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I know that stale blocks usually happen by accidents and the chain that has more blocks will be chosen as canonical chain by default and the stale chain is discarded.

My question is about what it means to be discarded?

Is it permanently discarded?

Or does it mean that if those stale blocks become longer (from 51% hash rate mining), they will stop being stale and be preferred by nodes?

I simply want to know whether it's possible to alternate mining between 2 chains making them roughly equal in length when you have 51% hash rate so that the network becomes useless. I think that it doesn't make sense that stale blocks are completely discarded. Because that means the longest-chain rule is not obeyed. If you obey longest-chain rule, stale blocks must always have a chance to become part of the canonical chain no matter what.

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Bitcoin Core does not discard stale blocks. All blocks which are on a most-work headers chain (except those known to be invalid) are downloaded, and once downloaded, no block is discarded (unless pruning is enabled, in which case all blocks older than a certain age are discarded, stale or not).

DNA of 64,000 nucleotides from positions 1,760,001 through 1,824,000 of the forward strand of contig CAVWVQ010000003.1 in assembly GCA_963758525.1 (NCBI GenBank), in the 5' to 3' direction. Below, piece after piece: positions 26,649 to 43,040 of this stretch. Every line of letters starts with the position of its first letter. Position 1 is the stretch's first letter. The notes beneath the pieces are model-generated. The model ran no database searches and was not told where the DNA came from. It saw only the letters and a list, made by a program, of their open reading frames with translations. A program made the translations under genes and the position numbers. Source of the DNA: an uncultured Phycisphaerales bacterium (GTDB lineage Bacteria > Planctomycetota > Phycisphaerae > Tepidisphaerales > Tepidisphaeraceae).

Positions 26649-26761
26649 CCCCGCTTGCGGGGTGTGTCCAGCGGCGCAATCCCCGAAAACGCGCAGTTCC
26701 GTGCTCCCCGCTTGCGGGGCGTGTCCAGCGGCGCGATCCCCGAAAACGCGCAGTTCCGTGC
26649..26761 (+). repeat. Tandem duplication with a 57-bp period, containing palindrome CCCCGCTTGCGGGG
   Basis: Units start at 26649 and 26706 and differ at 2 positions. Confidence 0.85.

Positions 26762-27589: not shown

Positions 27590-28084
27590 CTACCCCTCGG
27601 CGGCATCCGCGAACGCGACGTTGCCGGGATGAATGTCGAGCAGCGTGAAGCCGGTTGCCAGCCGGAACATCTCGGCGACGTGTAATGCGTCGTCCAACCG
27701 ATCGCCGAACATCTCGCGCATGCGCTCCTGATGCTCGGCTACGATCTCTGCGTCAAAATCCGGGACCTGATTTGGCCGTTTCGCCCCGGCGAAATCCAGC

It is very much possible to flip-flop between two valid chains, if they are alternatingly extended. This doesn't even require an attack, though it becomes less and less likely to continue this pattern as the length of the chains since the fork point grows.

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  • Can an attacker indefinitely flip-flop if he always control 51% hash rate?
    – offchan
    Sep 20, 2022 at 13:56
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I believe you are right. Bitcoin nodes must mark stale blocks as stale but not discard them completely. As you note, the node knows they are not part of the current chain. It is possible that a node may later find that a formerly stale block is now part of the "longest" chain. It must then be included in that node's active chain.

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